Wednesday, June 27, 2007


It's been a month since our 3yo's heart surgery began. Last week, she was able to come home, not so much because she was doing better, but because she was doing worse staying in the hospital. With so many alarms, nurses, doctors (& residents) "messing" with her, wagging needles and probes about, her anxieties hit a threshold and she began to do worse. After we bargained to get her home and recover in the comfort of her home, she started to do well again...until this past weekend.

By Sunday, she had developed a 102° F fever, was overcome with fits of coughing and her Oxygen Saturation levels dropped. We took her in to her pedatrician, who deferred to her to her cardiologist, who had her admitted into the Pediatric Cardiac ICU discharge wing, where she was moved to the full PCICU. This, by the way, is at her former hospital where her former surgeon commands. She tests positive for a bacterial infection somewhere about her chest, and the threat of another open heart surgery looms overhead.

The akwardness of facing her former doctor had been palpable and complicated matters, and with this possibility of another operation, she is being moved yet again to Stanford...where she undergo another battery of testing and whatnot. We feel naueous.

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Sunday, June 17, 2007

Camping a l'Hôpital

Michaela (our 3 year old with HLHS) is still in the hospital (3 weeks now). Since my last posting, she has bounced back to ICU 2 more times and the stay has not been jolly. It has been decided that she has Paradoxical Vocal Cord Dysfunction. The paradox is that there is no physiological reason for her to have difficulty breathing or swallowing, however a serious problem persists such that her Oxygen Saturations drop to about 40% and her heart rate climbs to 160 bpm.

Basically, this is a psychosomatic condition that is induced by stress, anxiety or aggitation. While some people clench or grind their teeth involuntarily due to stress, she closes off her vocal cords thereby restricting the flow of air into her lungs. The Ears/Nose/Throat Docs wanted to either permanantly paralyze a vocal cord or leave her with a Tracheostomy to overcome this problem, thinking psychotherapy ineffective for her now. Our answer was "absolutley not". First, neither "fix" the problem, and second, both are fraught with major risks of their own and severely reduce her quality-of-life (no voice, lifelong feeding by tube...)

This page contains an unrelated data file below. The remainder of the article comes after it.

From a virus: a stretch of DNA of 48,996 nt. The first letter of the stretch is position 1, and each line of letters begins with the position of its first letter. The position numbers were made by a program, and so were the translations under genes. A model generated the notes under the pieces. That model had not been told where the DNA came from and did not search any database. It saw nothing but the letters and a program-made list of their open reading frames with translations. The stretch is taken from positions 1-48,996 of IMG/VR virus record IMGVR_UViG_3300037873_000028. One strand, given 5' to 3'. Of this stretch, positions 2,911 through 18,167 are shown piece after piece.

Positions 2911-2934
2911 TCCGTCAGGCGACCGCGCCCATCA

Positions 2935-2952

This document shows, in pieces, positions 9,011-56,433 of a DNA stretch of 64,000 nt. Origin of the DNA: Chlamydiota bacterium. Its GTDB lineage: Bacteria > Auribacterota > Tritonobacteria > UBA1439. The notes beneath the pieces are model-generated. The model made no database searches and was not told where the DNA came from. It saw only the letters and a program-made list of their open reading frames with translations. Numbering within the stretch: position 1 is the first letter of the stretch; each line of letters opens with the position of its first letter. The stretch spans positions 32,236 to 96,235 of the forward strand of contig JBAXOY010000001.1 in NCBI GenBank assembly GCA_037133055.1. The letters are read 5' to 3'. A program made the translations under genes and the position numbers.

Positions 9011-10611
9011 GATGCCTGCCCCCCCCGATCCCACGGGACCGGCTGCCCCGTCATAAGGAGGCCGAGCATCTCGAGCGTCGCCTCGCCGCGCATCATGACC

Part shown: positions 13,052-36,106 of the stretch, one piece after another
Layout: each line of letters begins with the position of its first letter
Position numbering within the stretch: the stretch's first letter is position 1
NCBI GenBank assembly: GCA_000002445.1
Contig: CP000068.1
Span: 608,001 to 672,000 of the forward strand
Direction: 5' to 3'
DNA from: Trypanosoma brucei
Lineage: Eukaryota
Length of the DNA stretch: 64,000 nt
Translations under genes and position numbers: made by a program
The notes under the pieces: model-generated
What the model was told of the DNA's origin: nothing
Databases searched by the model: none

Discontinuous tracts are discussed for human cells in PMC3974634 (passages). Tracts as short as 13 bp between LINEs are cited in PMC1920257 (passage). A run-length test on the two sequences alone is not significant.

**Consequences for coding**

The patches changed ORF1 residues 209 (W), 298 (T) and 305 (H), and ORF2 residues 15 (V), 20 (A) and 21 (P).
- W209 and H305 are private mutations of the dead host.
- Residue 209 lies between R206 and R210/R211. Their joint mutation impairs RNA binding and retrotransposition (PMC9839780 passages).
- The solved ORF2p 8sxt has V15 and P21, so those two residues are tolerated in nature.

Our goal was for her to get out of the hospital environment ASAP (thereby eliminating the major source of stress) and go from there; Yoga for Kids, and the like. Well, all this has been the brief description of the saga here, but I'm sure you can understand that it has not been easy. Ironically, however, the heart surgery portion of this stay has been's just this "other" stuff that has come up in the meantime to make this a miserable experience. How much of home repair is like this, I ponder.....

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Tuesday, June 05, 2007

The Girl is Alright

Michaela, our 3 year old with a congenital heart defect, had a good heart surgery last week at Stanford. Amazingly, they were able to perform this procedure without putting her on bypass, and without lowering her body/brain temerature to ~16°C!!! This has made an enormous difference on her recovery, which seems to be progressing along swimmingly.

They were, however, suprized to find an infection that had been "simmering away for the last 2½ years", encased within some scar tissue. This was on an abandoned Gore-Tex shunt that joined her right ventricle to her pulmonary artery that was left inside after her second heart surgery. In other words, it had been contaminated by her previous surgeon!!! Had this inflamed and burst it's cocoon, it would surely have been fatal for her, and it could have happened at ANY time.

Of course, there are a number of complications, like having all her IV-sites blown, and a possible temporary or permanant vocal chord paralyzed, and still having oxygen saturations in the 65-70% range, rather than the upper 80's (you and I are at about 100%...give or take). But it is still early in the recovery process and she looks marvelously well. Very little swelling and warm hands/feet for the first time in her life. Here she is after a visit from Grandma.

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